Slaying nets 20 years for former wrestling champion

Sergey Shitznin left elderly money changer to die after beating and robbing him.

Justice gavel court law book judge 311 (photo credit: Thinkstock/Imagebank)
Justice gavel court law book judge 311
(photo credit: Thinkstock/Imagebank)
The Tel Aviv District Court on Monday sentenced a former Maccabiah Games wrestling champion to 20 years in prison for manslaughter, robbery and extortion.
Sergey Shitznin was convicted under a plea bargain in which he admitted to the manslaughter of Ariyeh Gazit in January 2010. The court also ordered him to pay the victim’s widow NIS 150,000 compensation.
While the plea bargain did not include any deal over sentencing, the panel of judges ruled to impose the maximum penalty for manslaughter because of the severity of the crime.
Shitznin represented Israel in several international wrestling competitions and won a gold medal in the sport in the 1997 Maccabiah Games.
During the trial, the court learned how Shitznin descended from sporting glory to the seedy world of violent crime.
His victim, Gazit, was left to die from serious head injuries sustained during a brutal, violent and meticulously-plotted robbery that judges Sarah Dotan, Shaul Shohat and Daphna Avniely said brought to mind the acts of ‘ultra-violence’ in Anthony Burgess’s 1962 dystopian novel A Clockwork Orange.
“[Gazit] was left lying in a pool of his own blood and excrement, in utter violation of all human dignity and disregard for his severe vulnerability after the violent blows he received from the defendant,” said Avniely, who added that Shitznin used his martial arts skills to severely beat his elderly victim.
The judges noted in their ruling that Shitznin had two distinct personalities. He was a notable sportsman whose friends came to court to testify about his kindness and dedication to coaching others.
Shitznin’s other personality, the judges said, was the exact opposite – dark and contemptuous of human life.
Police arrested three men in connection with the robbery, all of whom are suspected of terrorizing money changers in the Tel Aviv Central Bus Station. The two others, 25-year-old Rehovot resident Sapir Verton and 25-year-old Shalva Dzidzishvili from Rishon Lezion are suspected of plotting the robbery and are being tried separately.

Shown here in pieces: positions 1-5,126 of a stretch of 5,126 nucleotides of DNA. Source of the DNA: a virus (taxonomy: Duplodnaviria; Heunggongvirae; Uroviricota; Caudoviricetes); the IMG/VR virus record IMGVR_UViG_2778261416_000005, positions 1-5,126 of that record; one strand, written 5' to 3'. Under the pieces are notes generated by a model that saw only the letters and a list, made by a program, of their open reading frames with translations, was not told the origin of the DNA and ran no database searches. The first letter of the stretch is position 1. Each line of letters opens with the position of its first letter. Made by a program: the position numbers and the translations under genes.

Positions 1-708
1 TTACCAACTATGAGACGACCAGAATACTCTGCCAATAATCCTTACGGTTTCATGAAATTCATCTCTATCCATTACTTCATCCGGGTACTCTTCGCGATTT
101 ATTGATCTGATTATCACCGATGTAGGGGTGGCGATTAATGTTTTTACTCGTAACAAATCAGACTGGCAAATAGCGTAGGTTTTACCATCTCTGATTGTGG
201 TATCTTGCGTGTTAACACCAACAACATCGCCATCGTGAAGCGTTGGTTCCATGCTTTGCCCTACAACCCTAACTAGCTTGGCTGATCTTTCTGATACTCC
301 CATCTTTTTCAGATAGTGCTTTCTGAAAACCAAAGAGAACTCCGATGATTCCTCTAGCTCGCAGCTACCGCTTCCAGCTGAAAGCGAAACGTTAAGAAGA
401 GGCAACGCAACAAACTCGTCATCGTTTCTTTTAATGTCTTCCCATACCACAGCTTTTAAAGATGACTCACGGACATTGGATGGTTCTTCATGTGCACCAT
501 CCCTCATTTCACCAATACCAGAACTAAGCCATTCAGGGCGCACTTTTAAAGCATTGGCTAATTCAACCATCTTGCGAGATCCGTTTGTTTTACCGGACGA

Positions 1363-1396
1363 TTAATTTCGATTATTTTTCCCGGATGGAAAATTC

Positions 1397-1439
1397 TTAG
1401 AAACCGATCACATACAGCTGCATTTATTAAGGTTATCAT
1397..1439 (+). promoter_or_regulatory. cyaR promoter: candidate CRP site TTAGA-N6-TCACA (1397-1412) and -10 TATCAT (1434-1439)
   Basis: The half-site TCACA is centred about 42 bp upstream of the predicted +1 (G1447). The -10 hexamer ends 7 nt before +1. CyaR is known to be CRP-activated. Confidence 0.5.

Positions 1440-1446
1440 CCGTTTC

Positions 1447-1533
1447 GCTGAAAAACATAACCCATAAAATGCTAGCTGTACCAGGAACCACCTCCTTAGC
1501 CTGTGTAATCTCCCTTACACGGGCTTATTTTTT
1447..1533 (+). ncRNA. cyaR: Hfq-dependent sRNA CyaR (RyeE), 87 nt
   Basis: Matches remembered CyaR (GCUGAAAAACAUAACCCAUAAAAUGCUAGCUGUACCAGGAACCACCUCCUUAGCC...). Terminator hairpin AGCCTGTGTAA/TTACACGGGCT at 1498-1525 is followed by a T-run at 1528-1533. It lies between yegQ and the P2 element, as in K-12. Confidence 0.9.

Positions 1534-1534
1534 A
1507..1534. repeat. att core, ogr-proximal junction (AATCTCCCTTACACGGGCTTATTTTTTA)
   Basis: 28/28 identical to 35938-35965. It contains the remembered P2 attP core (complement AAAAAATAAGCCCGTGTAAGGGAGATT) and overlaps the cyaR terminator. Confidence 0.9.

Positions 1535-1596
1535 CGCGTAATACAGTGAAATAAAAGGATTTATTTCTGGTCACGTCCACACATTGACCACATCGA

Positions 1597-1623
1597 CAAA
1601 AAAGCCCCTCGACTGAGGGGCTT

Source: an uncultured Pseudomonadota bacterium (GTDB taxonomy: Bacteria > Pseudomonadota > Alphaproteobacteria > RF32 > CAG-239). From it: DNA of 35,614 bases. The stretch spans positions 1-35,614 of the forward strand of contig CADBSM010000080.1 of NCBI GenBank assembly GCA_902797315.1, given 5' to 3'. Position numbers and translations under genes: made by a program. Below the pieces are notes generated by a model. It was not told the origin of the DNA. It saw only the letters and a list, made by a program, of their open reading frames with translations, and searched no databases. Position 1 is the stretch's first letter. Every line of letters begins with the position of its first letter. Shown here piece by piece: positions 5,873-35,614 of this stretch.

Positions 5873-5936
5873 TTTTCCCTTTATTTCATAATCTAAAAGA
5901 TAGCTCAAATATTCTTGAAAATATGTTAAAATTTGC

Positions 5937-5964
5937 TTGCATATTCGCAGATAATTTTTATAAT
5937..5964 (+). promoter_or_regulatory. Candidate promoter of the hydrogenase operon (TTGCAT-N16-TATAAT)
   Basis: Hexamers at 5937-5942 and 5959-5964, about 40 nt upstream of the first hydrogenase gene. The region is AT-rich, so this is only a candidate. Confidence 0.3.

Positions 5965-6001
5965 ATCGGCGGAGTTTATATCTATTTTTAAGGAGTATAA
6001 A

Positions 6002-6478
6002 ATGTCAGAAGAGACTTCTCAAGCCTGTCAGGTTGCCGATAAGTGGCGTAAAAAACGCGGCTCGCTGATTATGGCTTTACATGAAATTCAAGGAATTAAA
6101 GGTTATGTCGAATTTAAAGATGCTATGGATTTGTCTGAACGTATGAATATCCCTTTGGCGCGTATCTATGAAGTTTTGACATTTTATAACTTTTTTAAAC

Police are still looking for another man, known only as “Andrei,” a martial arts specialist, whom they suspect of committing the robbery and manslaughter alongside Shitznin.
According to the indictment, in December 2009 Verton and Dzidzishvili enlisted Shitznin and Andrei to rob Gazit’s money-changing business, the Alpha Wings Gold and Finance Ltd in Tel Aviv’s new central bus station.
In the weeks leading up to the robbery, the indictment charged that Shitznin’s accomplices plotted the details of their crime. They agreed that it should be Shitznin, the wrestling champion, who carried out the robbery, on the grounds of his great strength and agility.
While Shitznin used his skills to break and enter the store, the men allegedly planned that “Andrei” would rush inside, beat up Gazit to prevent him calling for help, and steal money held in the store’s safe.
As part of the meticulous planning, the indictment alleges, Shitznin and his collaborators conducted surveillance of Gazit’s shop and the area around the bus station.
They purchased handcuffs to tie Gazit up, and disposable cellphones so that they would not have to use their own, traceable phones during the crime.
However, the carefully planned robbery Shitznin and “Andrei” committed resulted in Gazit’s violent death.
Shortly before 8 a.m. on December 17, 2010, the men put their plan into action.
Andrei entered the shop first and – exactly as planned – hit Gazit on the head.
Together, Andrei and Shitznin handcuffed the injured shop owner, then took a computer mouse cable and used it to strangle him, to make him confess where he kept the keys to the safe.
Shitznin and his accomplice then made off with $239,000 in cash and the shop’s security cameras, leaving Gazit unconscious and bleeding on the floor of his shop.
The blow to the head Gazit had sustained resulted in serious head injuries. He was found and taken to hospital, but died 11 days later.
After the robbery, Shitznin left the country, but by tapping the phones of the other suspects in the case, police investigators learned that he planned to return. Shitznin was arrested on his return.
During the trial, the court heard expert testimony from Dr. Razon, the neurosurgeon who treated Gazit after he was rushed to hospital, who described the severity of his injuries.
The judges also said they had taken into account the impact statement made by Gazit’s widow. As is standard with criminal trials, the victim’s family are allowed to testify in court regarding how the crime has affected them.
Gazit’s widow told the court that her husband was the orphaned son of Holocaust survivors whose death had caused “the breakdown of his entire family.” Gazit had supported his family financially, and after his death his widow was forced to come out of retirement and return to work as a schoolteacher.